you can east less but still eat healthy. We have also added a flexibility component to make it a well-rounded program.” Winners While prizes are not the main reason students and staff choose to participate in the fitness program, the winning team will receive the following: • A five-session Personal Trainer Package (worth $55) for each individual team member • A free Resting Metabolic Rate reading (worth $15) using the new Metabolic Analyzer, which accurately displays the amount of calories needed per day for each participant. “If the staff and students can learn why it is important to focus on behavioral changes, why it is important to focus on fat loss rather than weight loss and how to eat healthy, the program is a big success,” said Balachandran.

Center for Applied Ethics Eric Thorson Editor-in-chief

The University of Wisconsin-Stout Center for Applied Ethics (CAE) was formed in 2007 as a result of an anonymous donation by a UW-Stout alumni couple concerned about ethics in modern society. Many on campus are still unaware of the Center and its mission, and as of this semester, Dr. Elizabeth Buchanan has been appointed as endowed chair and director of the center to help integrate it into the UW-Stout community. “The donor hopes that every student that comes through UW-Stout has exposure to ethics regardless of discipline or program,” said Buchanan. Dr. Tim Shiell laid the groundwork for the center, working with different colleges on campus to infuse ethics into various programs prior to Buchanan’s appointment. Dr. Shiell remains as associate director. Buchanan brings with her a high level of experience to campus; she served as the director for the center for information policy research and an associate professor at the University of Wisconsin-Milwaukee, and spent time across the pond teaching in Austria and as a research fellow at the University of Oxford in England. Applied ethics can be incorporated into any classroom setting from using an ethical framework to talk about critical writing, to ethics in property management or ethics in interior design business; these are three examples of recent CAE-grant- supported projects that infused ethics into course curricula. These types of real-life scenarios allow students and faculty to engage with ethics in new and applicable ways. There are many ways that ethics are front and center in the workplace, includ-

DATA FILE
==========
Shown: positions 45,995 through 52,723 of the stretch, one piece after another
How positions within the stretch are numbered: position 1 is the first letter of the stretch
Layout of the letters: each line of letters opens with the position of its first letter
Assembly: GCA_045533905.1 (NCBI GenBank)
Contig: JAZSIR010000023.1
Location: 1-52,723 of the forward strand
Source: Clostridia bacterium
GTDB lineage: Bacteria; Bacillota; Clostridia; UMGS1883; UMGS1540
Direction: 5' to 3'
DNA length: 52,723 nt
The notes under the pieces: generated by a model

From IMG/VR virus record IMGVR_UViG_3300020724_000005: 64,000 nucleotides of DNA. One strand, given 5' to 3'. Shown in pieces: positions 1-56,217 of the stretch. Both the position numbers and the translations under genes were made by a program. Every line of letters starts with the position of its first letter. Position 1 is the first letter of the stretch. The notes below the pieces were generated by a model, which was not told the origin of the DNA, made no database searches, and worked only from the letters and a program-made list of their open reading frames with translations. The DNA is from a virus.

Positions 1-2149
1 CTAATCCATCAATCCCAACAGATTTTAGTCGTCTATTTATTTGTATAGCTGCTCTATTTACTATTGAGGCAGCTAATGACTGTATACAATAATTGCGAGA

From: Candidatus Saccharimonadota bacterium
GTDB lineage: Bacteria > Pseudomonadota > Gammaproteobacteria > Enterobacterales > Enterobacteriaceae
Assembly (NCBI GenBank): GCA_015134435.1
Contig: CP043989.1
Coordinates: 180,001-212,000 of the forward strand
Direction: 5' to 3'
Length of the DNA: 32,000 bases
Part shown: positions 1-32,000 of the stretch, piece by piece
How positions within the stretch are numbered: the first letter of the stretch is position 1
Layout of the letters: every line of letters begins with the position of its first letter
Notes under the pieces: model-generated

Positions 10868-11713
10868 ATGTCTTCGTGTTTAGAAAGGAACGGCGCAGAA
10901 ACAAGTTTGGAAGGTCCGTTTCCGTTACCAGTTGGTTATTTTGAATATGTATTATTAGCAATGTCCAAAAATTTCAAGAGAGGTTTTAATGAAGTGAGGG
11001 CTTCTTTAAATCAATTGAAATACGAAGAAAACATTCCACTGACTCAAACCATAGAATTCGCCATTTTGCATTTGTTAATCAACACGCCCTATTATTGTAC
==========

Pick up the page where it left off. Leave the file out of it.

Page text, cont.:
ing intercultural ethics, interpersonal ethics, as well as ethical behavior in online venues such as Facebook. “My goal is to promote the idea that when people think of Stout, they not only know our students have a great applied education, but they have an added layer of ethics,” said Buchanan. Having an endowed chair in the field of ethics is very unique at a polytechnic university. This opens many opportunities for the CAE to get directly involved with the community and students. “I like the applied nature of Stout; I like the community, and it has a strong value system which is important to me,” said Buchanan. While the CAE was not involved in the recent Campus Climate Survey that was available online this past month, Buchanan agrees on the importance of a healthy campus climate as the basis for all successful education and research. Gauging the climate around campus is an important process for UW-Stout. The fact that Buchanan isn’t in a teaching role allows her to focus more time directly working with students and faculty. She has only good things to say about her experience thus far at UW-Stout. “So far, it has been amazingly positive,” said Buchanan. “Campus has been very supportive, which will enable us to promote ethics education that will only benefit students and education.” The Center for Applied Ethics office can be found in room 430A of the Robert S. Swanson Learning Center. You can follow the CAE on Twitter at Stout_ethics or contact Buchanan at buchanane@uwstout.edu More information about the center is available online through the UW-Stout homepage.